Last updated:2016.12.21.

History of DDBJ

1980
EMBL data library was organized, and asked international cooperation for nucleotide sequence data bank to Japan.

1982
EMBL and GenBank started international cooperation, and invited Japan to participate their data bank.

1983
Aimed at contribution for international data bank to collect, to evaluate and to provide nucleotide sequence data, trial data loading was started.

1984
NIG; the National Institute of Genetics was reorganized as an Inter-University Research Institute.
DDBJ began to work at NIG.

1986
DNA Database Advisory Committee organized.

1987
DDBJ release 1 was provided.
By this release, we regard this year as official start of DDBJ operation.

April, 1995
To operate DDBJ more efficiently, CIB; the Center for Information Biology was established in NIG.

April, 2001
CIB was reorganized as CIB-DDBJ; the Center for Information Biology and DNA Data Bank of Japan

April, 2004
NIG was reorganized as a member of ROIS; Research Organization of Information and Systems. DDBJ has also belonged to ROIS.

May, 2005
DDBJ, EMBL-Bank and GenBank agreed to call their collaboration INSDC; International Nucleotide Sequence Database Collaboration; and to call the unified nucleotide sequence database INSD; the International Nucleotide Sequence Database.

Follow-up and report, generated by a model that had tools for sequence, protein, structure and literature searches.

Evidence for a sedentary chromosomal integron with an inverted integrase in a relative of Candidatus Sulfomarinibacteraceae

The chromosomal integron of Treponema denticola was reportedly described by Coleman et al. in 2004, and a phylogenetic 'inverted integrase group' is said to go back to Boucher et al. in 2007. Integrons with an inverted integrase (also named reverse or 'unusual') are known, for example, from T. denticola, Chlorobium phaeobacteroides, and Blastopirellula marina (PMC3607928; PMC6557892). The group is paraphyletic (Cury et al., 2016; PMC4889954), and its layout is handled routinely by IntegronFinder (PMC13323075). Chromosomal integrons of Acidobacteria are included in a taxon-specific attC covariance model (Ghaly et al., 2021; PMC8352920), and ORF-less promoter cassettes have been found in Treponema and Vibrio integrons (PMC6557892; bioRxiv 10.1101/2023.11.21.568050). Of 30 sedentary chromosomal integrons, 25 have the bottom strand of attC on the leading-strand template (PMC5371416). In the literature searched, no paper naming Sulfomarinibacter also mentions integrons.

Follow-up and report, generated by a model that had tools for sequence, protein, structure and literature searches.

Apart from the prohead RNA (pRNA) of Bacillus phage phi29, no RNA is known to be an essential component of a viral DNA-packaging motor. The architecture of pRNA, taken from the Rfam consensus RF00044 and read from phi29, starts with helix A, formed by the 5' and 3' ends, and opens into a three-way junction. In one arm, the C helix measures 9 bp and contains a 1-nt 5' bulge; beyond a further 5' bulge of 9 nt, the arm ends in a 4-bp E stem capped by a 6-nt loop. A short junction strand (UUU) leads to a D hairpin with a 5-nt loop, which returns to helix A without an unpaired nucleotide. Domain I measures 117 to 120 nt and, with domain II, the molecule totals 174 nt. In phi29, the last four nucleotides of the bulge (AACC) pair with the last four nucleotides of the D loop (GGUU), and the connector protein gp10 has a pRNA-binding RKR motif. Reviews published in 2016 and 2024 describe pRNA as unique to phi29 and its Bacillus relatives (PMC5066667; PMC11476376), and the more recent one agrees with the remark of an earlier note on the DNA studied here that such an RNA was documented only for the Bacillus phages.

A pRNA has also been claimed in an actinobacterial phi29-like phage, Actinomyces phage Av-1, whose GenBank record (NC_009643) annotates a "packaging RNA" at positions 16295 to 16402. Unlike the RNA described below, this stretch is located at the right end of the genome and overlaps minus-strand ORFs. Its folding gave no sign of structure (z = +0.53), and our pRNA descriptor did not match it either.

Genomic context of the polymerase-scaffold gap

April, 2007
DBCLS; Database Center for Life Science was newly founded in ROIS.

2009
DDBJ faculty staff have greatly been reshuffled. DDBJ collaborates with DBCLS more closely.
INSDC added a collaborative meeting to deal with huge sequence data produced by the next generation sequencers (Sequence Read Archive) and traces produced by traditional sequencers (Trace Archive).

April, 2012
DDBJ, expanding its DNA databank activities, was restructured as one of the Intellectual Infrastructure Project Centers of NIG, being separated from CIB.

October, 2013
Collaborating with NBDC; National Bioscience Database Center, DDBJ Center started to operate the archive for all types of individual-level genetic and de-identified phenotypic data from human subjects, JGA; Japanese Genotype-phenotype Archive.
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